But across the West, tribes have been looking for ways to either get their water or flip their rights for a profit, which would essentially allow water to remain in the same hands, but at a cost.
About the Water War Peace Talks …
A week and a half ago, Jim Madaffer, the new chairman of the San Diego County Water Authority, offered to end  the agency’s long-running legal battle with the Metropolitan  Water District of Southern California, under certain conditions.
Madaffer, a local lobbyist and former city councilman who became the agency’s chairman on Oct. 1, told KPBS he hoped to settle a decade of litigation within the next four to six weeks .
The lawsuits — there are several of them now — revolve around how much the Water Authority pays Metropolitan to deliver some water to San Diego from the Colorado River.
At first glance, the settlement terms look favorable to Metropolitan. The Water Authority, for instance, said it would knock a few million off the legal fees Metropolitan owes San Diego .
That pales in comparison, though, to other things in the letter. The Water Authority asked Metropolitan to guarantee millions of dollars in annual subsidies to help pay for the Carlsbad desalination plant and a water recycling project in San Diego, among others. The total amount of those subsidies could be hundreds of millions of dollars. The Water Authority has sued for the subsidies but also sued to defund them, a confusing legal strategy that prompted an internal rebellion last year .
The settlement Madaffer proposed would also seem to spare San Diego the costs of paying some expenses related to the twin tunnels, a project to bring water south from Northern California. The Water Authority has long been skeptical of the tunnels  but now supports the project, so long as it doesn’t have to pay too much for it .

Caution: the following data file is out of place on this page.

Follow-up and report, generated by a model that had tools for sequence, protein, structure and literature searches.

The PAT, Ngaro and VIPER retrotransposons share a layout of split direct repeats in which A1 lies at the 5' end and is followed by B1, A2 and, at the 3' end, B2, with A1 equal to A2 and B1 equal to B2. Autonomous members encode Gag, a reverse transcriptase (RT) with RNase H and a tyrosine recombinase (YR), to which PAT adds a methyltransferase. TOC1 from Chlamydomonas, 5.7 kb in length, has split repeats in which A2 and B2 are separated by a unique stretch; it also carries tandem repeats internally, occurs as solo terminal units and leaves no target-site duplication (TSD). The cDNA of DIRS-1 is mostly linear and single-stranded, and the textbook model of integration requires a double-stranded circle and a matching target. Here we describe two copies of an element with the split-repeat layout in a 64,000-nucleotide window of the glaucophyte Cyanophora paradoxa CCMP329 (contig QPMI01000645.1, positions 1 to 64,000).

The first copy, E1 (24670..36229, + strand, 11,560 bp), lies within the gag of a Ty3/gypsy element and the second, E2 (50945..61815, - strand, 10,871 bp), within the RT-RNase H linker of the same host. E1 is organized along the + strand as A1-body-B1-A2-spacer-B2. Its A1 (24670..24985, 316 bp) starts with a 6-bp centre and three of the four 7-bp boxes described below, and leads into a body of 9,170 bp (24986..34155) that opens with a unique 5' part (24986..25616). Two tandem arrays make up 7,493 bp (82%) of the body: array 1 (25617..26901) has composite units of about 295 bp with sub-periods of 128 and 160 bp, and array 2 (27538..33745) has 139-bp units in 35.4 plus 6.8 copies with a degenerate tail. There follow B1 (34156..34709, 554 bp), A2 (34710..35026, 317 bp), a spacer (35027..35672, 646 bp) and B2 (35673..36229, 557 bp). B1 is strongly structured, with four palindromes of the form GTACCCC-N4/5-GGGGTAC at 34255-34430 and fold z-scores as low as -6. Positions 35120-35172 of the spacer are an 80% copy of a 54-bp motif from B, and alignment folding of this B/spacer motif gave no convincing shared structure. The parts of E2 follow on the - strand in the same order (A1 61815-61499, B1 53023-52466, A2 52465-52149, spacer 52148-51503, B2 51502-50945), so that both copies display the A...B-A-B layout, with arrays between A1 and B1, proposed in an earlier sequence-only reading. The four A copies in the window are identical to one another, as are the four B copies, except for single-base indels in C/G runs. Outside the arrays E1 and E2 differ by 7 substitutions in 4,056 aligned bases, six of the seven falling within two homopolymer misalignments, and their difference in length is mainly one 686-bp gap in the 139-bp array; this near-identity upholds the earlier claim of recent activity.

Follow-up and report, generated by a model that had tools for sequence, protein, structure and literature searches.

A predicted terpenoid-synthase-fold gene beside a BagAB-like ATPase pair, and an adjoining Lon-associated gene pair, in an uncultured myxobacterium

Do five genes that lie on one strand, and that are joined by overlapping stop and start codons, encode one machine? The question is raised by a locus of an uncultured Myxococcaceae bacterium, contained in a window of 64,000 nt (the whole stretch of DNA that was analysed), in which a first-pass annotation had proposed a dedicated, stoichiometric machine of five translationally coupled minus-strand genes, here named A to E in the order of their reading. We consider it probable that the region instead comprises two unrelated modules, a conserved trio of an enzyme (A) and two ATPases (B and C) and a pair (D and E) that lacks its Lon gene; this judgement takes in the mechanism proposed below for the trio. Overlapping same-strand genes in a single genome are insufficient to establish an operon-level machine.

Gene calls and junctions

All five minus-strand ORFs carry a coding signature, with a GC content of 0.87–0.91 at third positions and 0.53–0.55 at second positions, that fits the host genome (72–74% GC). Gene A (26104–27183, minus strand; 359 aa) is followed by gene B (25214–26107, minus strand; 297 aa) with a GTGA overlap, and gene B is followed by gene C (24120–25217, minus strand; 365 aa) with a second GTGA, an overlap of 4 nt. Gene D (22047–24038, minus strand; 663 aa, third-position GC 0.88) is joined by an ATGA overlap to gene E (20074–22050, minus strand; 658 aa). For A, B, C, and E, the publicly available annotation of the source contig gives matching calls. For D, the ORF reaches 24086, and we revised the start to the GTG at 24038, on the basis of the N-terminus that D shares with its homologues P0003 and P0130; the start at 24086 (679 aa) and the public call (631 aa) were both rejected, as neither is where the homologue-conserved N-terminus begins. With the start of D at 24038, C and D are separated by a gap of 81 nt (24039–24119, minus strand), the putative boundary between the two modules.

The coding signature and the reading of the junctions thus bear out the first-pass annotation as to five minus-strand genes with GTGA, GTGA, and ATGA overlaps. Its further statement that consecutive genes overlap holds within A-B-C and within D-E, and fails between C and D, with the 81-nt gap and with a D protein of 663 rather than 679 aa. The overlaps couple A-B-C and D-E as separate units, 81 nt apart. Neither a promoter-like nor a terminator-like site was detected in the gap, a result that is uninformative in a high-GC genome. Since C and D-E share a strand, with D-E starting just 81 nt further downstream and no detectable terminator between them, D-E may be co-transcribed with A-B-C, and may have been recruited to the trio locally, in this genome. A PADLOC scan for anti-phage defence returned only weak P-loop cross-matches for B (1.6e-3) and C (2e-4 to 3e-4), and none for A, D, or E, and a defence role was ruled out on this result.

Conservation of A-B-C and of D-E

So far, the reaction from Metropolitan officials has been tepid, but negotiations between the two agencies is ongoing.
Trump and San Francisco’s Mayor Agree on Something
San Francisco Mayor London Breed came out against new state environmental regulations  that could have reduced the amount of water available for her city. She “vetoed a resolution passed unanimously by the Board of Supervisors  earlier this week that offered the city’s blessing for the little-known, but far-reaching state initiative,” the San Francisco Chronicle reported last week .
The opposition puts San Francisco’s mayor and the Trump administration in the same corner — opposed to policies that would help the environment but reduce water available for cities and farmers.
The Washington Post has a good look at how President Donald Trump has been using water politics to help a Republican congressman from the Central Valley . Trump has moved to loosen water restrictions faced by farmers, an important group of supporters.
Perhaps Breed’s alliance is not so unexpected, though. While San Francisco is now considered among the most environmentally conscious cities in the country, its water legacy is more complicated and destructive. Most of the city’s water comes from the Hetch Hetchy Valley, which San Francisco officials flooded and destroyed a century ago when they dammed the Tuolumne River. The Hetch Hetchy Valley was considered comparable to Yosemite.
In Other News
- Our partners at NBC 7 have put together a half-hour special recapping all the problems we’ve discovered over the past year with the city of San Diego’s water department .
- “Did you know that the population of bobcats living east of Interstate 405 and south of Route 101, in Los Angeles, is genetically distinct from the bobcats of Thousand Oaks ?” (New York Review of Books)
- A study written by a San Diego native details how minorities are most vulnerable when wildfires strike . (New York Times)
- Our oceans are warming faster than we expected . That’s another bad climate change fact. (Union-Tribune)